One of the most misunderstood areas of advisory firm’s growth is marketing.
Simply put, the vast majority of marketing advice is for the general public — to get people interested in products sold, not professional services businesses delivering special care and tasks to potential clients. Plus, there’s a lot of “misinformation” out there about how advisory firms “truly” grow and gain additional market share and clients.
From data we’ve compiled, we’ve found the fastest-growing advisory firms succeed in three primary ways: via referrals from existing clients, loss leaders, and mergers and acquisitions. Let’s focus on how firms can grow from referrals; I’ll discuss loss leaders and M&As in future blogs.
Think of referrals this way: If you are serving 100 clients and each one of those clients refers one client per year, and you close 100% of them, what happens? Boom, you double your size without spending a penny on marketing. Now, what if you had 1,000 clients?
This compounding formula is what the fastest-growing firm leaders focus on. They consistently ask themselves and their leadership teams: How can we get the clients we already have to talk more about us, refer at least one client each year?
When starting an advisory firm from ground zero, many owners must do some sort of marketing and rainmaking to get their first clients. But what many advisory firm owners don’t realize is that as your client base grows, the clients you serve (if served well) will do the marketing for you.
As a result, in the growth process, once you get more than 25 clients, the marketing you do transforms to “internal” (or inbound) efforts — such as the promotion of services to existing clients and employees — and to a focus on “sales” throughout the remaining growth stages of the firm, even in the largest firms.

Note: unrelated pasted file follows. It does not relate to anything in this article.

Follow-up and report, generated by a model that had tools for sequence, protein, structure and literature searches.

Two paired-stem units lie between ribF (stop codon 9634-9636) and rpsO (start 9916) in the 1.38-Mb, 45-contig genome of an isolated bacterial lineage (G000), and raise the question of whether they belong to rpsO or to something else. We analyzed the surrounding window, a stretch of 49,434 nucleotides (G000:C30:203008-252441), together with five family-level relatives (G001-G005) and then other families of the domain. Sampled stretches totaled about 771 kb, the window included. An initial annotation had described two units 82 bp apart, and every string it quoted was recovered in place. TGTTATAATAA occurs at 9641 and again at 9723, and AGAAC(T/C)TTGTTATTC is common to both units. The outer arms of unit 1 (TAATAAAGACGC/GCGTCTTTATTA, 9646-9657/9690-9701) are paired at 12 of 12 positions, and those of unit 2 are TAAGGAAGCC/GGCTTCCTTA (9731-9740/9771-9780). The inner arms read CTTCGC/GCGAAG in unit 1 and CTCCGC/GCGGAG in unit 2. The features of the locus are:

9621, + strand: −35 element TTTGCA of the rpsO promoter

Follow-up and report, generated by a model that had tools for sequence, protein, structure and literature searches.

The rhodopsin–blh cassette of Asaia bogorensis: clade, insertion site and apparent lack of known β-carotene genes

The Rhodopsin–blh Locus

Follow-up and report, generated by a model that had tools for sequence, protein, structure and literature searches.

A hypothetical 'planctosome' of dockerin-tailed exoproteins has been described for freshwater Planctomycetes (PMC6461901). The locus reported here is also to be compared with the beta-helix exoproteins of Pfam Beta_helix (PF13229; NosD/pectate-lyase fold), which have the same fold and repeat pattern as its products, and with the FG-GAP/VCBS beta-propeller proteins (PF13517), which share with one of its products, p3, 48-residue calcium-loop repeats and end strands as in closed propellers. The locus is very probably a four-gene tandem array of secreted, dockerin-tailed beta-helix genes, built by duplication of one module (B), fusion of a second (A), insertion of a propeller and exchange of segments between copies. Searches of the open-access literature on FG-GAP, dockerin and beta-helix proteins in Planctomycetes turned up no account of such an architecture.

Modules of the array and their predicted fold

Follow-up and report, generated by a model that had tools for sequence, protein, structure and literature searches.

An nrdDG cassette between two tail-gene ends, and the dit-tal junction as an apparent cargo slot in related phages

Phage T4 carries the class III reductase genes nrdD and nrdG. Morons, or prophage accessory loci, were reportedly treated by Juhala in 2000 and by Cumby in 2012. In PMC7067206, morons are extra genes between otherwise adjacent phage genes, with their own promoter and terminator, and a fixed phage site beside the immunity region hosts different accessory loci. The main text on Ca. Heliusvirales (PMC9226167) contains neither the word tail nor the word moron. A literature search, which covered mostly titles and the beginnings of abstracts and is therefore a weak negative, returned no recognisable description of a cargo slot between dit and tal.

However, many firms don’t transform to the “internal.” They get caught up in the belief that “outbound” marketing (like podcasts, SEO, websites, rainmaking, etc.) is the way to grow, because that’s what they had to do in the beginning.
The result is that they waste resources on marketing programs and plans that don’t work and continue to swim upstream in their growth process. Have you ever looked at the websites of some of the fastest growing firms in our space? Some are terrible, and there’s a reason for it.
Instead, start by reviewing your “sales” materials. The vast majority of advisory firms don’t do “sales” — after all, it’s a negative word to many, especially those who left the brokerage world. But if your team cannot educate and close at the highest level, no amount of marketing will help you.
Think of ways you can make your team look smarter and increase clients’ awareness of your abilities. Create client handouts, such as “how to protect yourself from cybercriminals” and/or “how you can overcome tax law changes.”
Sales materials begin with educating your client base. You also should send clients “lists” of things you do that they might not know about. As you do this, they begin to appreciate everything you do and can do for them.
If You Build It …
Most advisors are taught to ask for referrals, but we’ve found the best firms don’t do this. It’s far more effective to share “internally” your knowledge with your client base, using your own intellectual property.
Write articles for advisory firm websites that showcase your team’s expertise in financial advice. This also helps your clients to better understand financial services and how they can best use them to their advantage. This also can go a long way in establishing the credibility of your firm.
Credibility is what you are going for. Deeper brand credibility is established within the people you already serve, and it greatly increases referral rates.
By taking these steps, clients will talk about your firm more, which starts the wheel turning for “word of mouth” marketing, the least expensive of all marketing programs. From there (assuming you keep at it), you’ll have plenty of clients — and a far less expensive way to grow your business.
Angie Herbers is Chief Executive and Senior Consultant at Herbers & Company, an independent management strategy consultancy for financial advisory firms. She can be reached at www.HerbersCo.com.